New research may cause parents to think twice before letting their kids drink energy drinks or grande lattes.
A University of Colorado Boulder study published in a recent edition of the journal Psychoneuroendocrinology suggests that consumption of caffeine puts adolescents at risk of suffering anxiety-related jitters long after they stop ingesting it.
Anxiety disorders are typically characterized by chronic anxiety or exaggerated worry and tension when not warranted by circumstances. These conditions can also be linked to major psychiatric disorders.
The study found that adolescent rats hydrated with caffeinated water developed behaviors indicating anxiety disorders – even after the caffeine was removed from the water. And they did so at an alarming rate.
In addition, researchers found that levels of plasma corticosterone – a stress-related hormone produced by rodents’ adrenal glands – remained high even after the caffeine diet was stopped. In fact, levels of the stress hormone rose dramatically 24 hours after caffeine was eliminated and persisted for an additional week.
Concerns about the impacts of energy drinks on young brains – not to mention other impacts including high blood pressure and arrhythmia – prompted at least one college to ban them. A student and faculty committee at Vermont’s Middlebury College eliminated campus sales, saying energy drinks promoted poor academic environments and elevated student stress.
“One of the things I think is important here is awareness,” said Ryan Bachtell, a professor of psychology and neuroscience and lead study author.
“I don’t think we’re going to ban caffeine – kids have had access to caffeinated sodas for many decades – but what has become the game-changer is these energy drinks. Many of them contain a lot of caffeine, and you are talking about a drug that many of us consider to be innocuous, but it can be quite potent in a developing brain.”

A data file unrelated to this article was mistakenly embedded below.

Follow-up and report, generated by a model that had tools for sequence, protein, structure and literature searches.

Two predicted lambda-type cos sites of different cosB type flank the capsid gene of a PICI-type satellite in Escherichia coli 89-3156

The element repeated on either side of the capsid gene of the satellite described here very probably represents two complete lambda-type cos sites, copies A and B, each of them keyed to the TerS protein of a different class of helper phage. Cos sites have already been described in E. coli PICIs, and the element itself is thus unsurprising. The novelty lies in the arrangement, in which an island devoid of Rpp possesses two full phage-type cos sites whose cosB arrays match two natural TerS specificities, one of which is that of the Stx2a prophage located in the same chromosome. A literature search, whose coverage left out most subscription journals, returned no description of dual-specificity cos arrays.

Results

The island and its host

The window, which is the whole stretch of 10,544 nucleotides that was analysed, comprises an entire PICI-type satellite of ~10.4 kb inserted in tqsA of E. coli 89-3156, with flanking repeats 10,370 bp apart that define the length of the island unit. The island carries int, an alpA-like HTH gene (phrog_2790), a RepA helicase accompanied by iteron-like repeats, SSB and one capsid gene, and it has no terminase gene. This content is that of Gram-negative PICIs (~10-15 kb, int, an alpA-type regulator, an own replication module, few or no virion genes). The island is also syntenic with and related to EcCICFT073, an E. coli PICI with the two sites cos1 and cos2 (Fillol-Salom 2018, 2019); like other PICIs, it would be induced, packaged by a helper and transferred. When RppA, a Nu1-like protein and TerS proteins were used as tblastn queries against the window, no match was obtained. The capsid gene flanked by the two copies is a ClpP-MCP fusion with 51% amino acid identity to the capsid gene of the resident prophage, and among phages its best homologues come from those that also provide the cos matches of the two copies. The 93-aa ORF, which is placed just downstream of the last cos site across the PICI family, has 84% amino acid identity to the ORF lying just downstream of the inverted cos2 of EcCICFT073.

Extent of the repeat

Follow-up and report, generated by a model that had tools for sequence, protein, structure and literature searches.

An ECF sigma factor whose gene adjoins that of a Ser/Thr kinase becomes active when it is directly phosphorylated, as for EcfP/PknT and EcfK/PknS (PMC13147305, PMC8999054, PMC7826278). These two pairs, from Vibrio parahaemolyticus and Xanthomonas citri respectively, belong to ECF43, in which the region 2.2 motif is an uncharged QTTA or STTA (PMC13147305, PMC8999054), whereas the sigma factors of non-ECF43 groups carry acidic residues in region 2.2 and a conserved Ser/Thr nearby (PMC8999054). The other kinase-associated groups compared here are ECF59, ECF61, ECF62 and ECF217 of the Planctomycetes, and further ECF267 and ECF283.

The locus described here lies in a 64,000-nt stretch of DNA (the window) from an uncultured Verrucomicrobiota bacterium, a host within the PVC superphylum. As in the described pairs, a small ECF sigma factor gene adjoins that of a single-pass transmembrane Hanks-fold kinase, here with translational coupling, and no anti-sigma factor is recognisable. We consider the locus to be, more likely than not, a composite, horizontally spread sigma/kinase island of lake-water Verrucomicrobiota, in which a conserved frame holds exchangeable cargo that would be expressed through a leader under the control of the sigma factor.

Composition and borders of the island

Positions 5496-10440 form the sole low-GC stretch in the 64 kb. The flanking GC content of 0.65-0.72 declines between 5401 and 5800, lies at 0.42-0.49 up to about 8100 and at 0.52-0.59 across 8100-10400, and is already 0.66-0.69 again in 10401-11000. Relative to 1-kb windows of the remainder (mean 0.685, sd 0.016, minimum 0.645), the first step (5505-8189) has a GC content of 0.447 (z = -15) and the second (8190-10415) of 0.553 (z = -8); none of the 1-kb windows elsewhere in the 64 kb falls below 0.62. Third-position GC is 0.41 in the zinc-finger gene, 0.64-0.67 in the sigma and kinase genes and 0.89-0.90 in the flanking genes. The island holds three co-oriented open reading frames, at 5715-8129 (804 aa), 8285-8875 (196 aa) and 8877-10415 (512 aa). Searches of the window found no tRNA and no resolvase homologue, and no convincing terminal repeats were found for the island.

The idea for the study began about three years ago when Bachtell was probing the relationship between adolescent caffeine use and subsequent sensitivity to cocaine use. The study was published last year. That's when CU-Boulder researchers first began to notice antisocial behaviors in adolescent rats subjected to caffeine.
“If you put two rats together, typically they will have some social interaction – smelling each other or grooming each other,” said Bachtell, whose lab specializes in the neuropharmacology of drug addiction. “What we were originally anticipating was the animal with caffeine would be more aggressive, but they really weren’t interacting at all indicating they may be anxious.”
The new study also suggests that caffeine consumption during adolescent development “may increase vulnerability to the development of psychiatric disorders.”
CU-Boulder Department of Psychology and Neuroscience co-authors of the study include: Robert Spencer, whose lab specializes in the neurobiological basis of psychological stress and stress adaptation; Serge Campeau, who specializes in determination of the brain systems responsible for the perception of stress; graduate students Casey O’Neill and Ryan Newsom; undergraduate research assistants Jacob Stafford, Talia Scott and Solana Archuleta; and professional research assistant Sophia Levis.
Ryan Bachtell, 303-735-1012
Clint Talbott, College of Arts & Sciences
Julie Poppen, CU-Boulder media relations, (O) 303-492-4007, (M) 720-503-4922